The predominant issue addressed by the court was whether Blacktop had an enforceable contract with West at the time West contracted with the other paving subcontractor. The court reiterated the basic rule that a proposal is just an offer and determined that West’s use of Blacktop’s bid, without more, did not constitute acceptance. Blacktop, however, argued that it did have something more that made its situation different than the usual construction bid scenario.
Like many subcontractors, Blacktop wanted to avoid supplying bids to general contractors that engaged in bid shopping. In an attempt to prevent West from engaging in bid shopping, and to obtain the paving subcontract, Blacktop’s proposal contained the following clause:
[I]n the event the “buyer” in any way uses Florida Blacktop, Inc.’s bid … such action(s) shall in all instances constitute acceptance of Florida Blacktop, Inc.’s bid and shall create a binding contract between the parties consistent with the bid documents.
Blacktop argued that West was bound by this “acceptance-by-use” provision in the proposal. The provision clearly stated that West’s use of Blacktop’s bid constituted acceptance, and there was no question that West incorporated Blacktop’s bid into its proposal. From Blacktop’s point of view, West clearly accepted Blacktop’s bid and was obligated to honor the terms of their agreement. The court, however, thought otherwise.
The Unenforceable “Silence-as-Acceptance” Provision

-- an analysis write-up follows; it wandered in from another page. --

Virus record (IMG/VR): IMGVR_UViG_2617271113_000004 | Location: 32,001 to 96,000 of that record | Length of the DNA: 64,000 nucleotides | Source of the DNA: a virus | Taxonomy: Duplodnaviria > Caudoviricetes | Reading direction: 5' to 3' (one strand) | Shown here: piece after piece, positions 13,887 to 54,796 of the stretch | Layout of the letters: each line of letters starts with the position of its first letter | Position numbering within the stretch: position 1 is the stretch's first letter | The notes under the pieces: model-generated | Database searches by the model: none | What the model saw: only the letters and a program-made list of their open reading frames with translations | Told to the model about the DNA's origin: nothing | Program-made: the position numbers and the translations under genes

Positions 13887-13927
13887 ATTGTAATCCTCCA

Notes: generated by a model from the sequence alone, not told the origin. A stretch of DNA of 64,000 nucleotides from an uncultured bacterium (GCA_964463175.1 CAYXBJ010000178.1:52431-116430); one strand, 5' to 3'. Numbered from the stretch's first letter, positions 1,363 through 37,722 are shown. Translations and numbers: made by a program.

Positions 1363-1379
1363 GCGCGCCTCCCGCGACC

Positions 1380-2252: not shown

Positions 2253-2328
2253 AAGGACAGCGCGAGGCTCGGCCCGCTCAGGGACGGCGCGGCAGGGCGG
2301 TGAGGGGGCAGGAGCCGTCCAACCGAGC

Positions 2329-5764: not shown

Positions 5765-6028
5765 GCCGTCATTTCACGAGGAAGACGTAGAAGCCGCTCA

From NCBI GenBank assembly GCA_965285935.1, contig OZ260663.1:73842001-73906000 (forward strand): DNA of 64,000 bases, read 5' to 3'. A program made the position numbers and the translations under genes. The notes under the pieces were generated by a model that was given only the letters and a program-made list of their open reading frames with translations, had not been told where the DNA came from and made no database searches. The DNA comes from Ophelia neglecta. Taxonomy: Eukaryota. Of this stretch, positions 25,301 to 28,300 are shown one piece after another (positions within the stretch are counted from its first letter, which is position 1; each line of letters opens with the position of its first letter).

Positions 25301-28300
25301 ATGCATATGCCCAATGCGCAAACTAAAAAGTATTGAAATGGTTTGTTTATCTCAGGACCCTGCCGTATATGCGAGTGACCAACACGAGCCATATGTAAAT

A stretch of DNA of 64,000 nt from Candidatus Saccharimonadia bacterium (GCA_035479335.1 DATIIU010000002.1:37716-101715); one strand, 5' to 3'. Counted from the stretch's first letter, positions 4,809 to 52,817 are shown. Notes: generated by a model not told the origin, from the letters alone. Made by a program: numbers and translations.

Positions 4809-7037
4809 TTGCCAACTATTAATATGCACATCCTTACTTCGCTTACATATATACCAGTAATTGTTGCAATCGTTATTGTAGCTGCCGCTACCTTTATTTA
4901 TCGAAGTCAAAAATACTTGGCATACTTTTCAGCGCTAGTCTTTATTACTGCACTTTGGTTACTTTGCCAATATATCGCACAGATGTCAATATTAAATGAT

Despite West Construction’s creative proposal-based solution, the court found that the acceptance-by-use provision in Blacktop’s proposal was simply unenforceable under basic offer and acceptance tenets of contract law. The court explained that, by default, the offeree in all cases has the right to not reply to an offer. The offeree’s silence cannot be interpreted as acceptance unless the offeree agrees in advance. In other words, the offeror cannot unilaterally prescribe the conditions of rejection in the offer so as to turn silence into acceptance.
In the court’s opinion, that is exactly what Blacktop attempted to do with the acceptance-by-use language in its offer. Even though West solicited Blacktop’s bid, Blacktop’s proposal was a unilateral proposal. West never signed the proposal or agreed to any of its terms before Blacktop submitted it to West. Therefore, Blacktop could not rely on its unilateral offer to bind West to the very terms of the proposal. In this court’s opinion, this would turn contract law on its head and deviate from the rule that silence is not acceptance. To avoid this outcome, the court found Blacktop’s acceptance-by-use provision unenforceable and held that Blacktop did not have an enforceable contract with West.
The Silver Lining of West Construction
The outcome of West Construction makes it more difficult for subcontractors and suppliers to prevent bid shopping, but everyone that competes for construction work should consider the basic principle underlying the court’s decision. Imagine if the opposite were true and an offeror could state in the offer itself that the offeree’s silence would serve as acceptance rather than rejection of the offer. In this bizarre world of contract law, a party could submit proposals with language stating that silence by the receiving party constituted acceptance of the terms and conditions. A party (owner, contractor, subcontractor) that ignored the proposal, chose not to respond, or simply forgot to turn down the offer would nonetheless be contractually bound by those provisions! Moreover, before any subcontractor or supplier was able take advantage of the silence-as-acceptance provision in its own proposals, it would be bombarded with similar provisions in the bids it received from its own lower-tier subcontractors and suppliers. This scenario would be untenable for owners, general contractors, subcontractors, and suppliers alike, and certainly a situation that, if true, would elicit the old adage: “Be careful what you wish for.”